Words and Photos: Mike Blewitt

In the GPS wars there is a fierce battle between Wahoo and Garmin – but what about Bryton? We have tested three units from the third major player in the market before, and have been impressed by the simplicity, battery life and pricing. We've come to expect more and more from the devices we carry, be it our smartphones or GPS devices on the bike. The Bryton Rider 450 boasts almost 80 functions and integrates with your smartphone via an app.

Setting up the Bryton Rider 450
The best thing to do is download the app, as it is an easier way to create your user profile. But you can do that with the unit as well, and you can also create two different bike profiles. This is really handy if you will be using the unit across two bikes. For those tracking their training, it's a simple process to sync various power meters, heart rate monitors or speed/cadence sensors as well.

By connecting your Bryton to your home (or work) internet as well, you can make sure the device will automatically sync your ride to Strava once you're finished. You can also have it upload to TrainingPeaks as well if you use that coaching software. This also means you can export a workout to your unit, so if you are following a coaching program you don't need to write down the efforts and intensities on your hand – the unit itself will prompt you.

The Bryton App (for Android or iPhone) assists with setup and syncing, and you can plot a route on the map to then send to the device for navigation. The downside with this is even if you can see a trail on the maps, it may not choose to use it for guidance. This is a better function for road riding but even then it can choose a motorway!

The unit mounts with a 90 degree twist onto a bar or stem mount. The mount is secured with a very strong elastic band, which I prefer to zip ties as they are reuseable. The pack comes with just one mount, so while you can have settings for two bikes, you'll need to swap the mount over (or just buy another).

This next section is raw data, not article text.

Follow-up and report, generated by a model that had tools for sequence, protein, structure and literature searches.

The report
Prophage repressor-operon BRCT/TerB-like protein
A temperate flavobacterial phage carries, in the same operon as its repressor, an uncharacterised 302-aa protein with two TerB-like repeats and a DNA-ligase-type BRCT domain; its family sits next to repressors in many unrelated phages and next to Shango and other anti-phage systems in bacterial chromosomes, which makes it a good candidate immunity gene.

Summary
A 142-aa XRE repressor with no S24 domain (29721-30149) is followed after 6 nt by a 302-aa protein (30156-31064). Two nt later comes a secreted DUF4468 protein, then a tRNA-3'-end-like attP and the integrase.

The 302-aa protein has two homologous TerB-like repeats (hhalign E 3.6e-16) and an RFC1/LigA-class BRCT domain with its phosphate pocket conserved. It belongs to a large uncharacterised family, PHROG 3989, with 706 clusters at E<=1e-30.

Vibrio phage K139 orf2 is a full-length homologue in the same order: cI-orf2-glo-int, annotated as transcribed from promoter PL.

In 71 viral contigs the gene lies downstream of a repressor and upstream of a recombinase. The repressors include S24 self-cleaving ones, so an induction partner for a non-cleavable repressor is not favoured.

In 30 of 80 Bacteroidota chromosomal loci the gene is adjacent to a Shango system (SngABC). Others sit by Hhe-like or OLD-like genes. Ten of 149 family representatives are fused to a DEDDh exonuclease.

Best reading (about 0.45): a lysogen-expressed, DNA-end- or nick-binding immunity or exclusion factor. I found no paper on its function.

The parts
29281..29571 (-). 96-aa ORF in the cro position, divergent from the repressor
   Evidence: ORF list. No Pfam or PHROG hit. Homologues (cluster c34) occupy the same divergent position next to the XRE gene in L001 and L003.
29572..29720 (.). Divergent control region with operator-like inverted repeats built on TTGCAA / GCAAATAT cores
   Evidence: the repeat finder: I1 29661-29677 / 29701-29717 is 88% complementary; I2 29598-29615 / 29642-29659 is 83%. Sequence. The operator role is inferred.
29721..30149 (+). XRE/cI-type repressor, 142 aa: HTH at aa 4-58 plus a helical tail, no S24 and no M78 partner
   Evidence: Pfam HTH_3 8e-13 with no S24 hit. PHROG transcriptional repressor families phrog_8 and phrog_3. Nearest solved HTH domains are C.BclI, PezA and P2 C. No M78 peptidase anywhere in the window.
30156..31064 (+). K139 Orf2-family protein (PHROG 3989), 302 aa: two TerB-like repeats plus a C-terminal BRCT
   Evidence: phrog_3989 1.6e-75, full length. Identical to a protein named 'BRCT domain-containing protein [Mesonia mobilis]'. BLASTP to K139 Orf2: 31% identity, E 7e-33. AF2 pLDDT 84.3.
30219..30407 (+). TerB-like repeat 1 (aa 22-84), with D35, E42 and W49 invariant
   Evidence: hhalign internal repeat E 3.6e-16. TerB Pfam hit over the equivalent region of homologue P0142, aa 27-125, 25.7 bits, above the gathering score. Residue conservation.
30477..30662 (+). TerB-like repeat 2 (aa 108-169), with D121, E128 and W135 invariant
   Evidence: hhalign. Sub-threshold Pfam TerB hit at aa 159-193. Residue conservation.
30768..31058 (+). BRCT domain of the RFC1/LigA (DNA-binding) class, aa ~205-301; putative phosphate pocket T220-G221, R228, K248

On the trail

How data hungry are you? It was no problem replacing my usual Wahoo ELEMNT with the Bryton 450, it paired with my Wahoo heart rate strap with no worries and I was able to set the data fields I wanted. By choosing how many fields you have, you can decide how prominent the information is. The screen is a little smaller than an ELEMNT but the unit is as well, and it's lighter.

Like any slight switch in tech, there is an adjustment period. It's pretty easy to press the wrong button and stop recording when you meant to scroll, or similar. But that passes after a couple of rides, and I had little issue with the Bryton, enjoying the wireless uploading and long battery life. It's claimed at 32 hours but I think while it works with a sensor or 3 about 15 or 16 is more likely.
The Bryton records at 1 second intervals, which is good for ride tracking and performance tracking (ie, heart rate or watts). It even has some quirky extra options in the data fields. Sunset time was a favourite – handy for those chasing golden hour photos, or just needing to get home before dark!
There is really no avoiding the fact that we buy devices like a GPS on brand. And Garmin and Wahoo have a solid foothold in the cycling GPS market. But just like Wahoo gained their edge via better reliability and GPS signal acquisition, Bryton will likely do the same – if not only for value and features alone. All in all,, I find the useability of my Wahoo and the app a little easier to work with, although with 3 years of use that's not surprising. But the Bryton Rider 450 is a value packed GPS device that is optimised when used with the app, and it's ideal for those taking on longer endeavours or who prefer not to have to charge their device every ride.
RRP: $289
From: bikecorp.com.au
–     Huge array of features
–     Great value
–     Precise measurement
–     Route planning needs work
–     DataSync to your phone is slow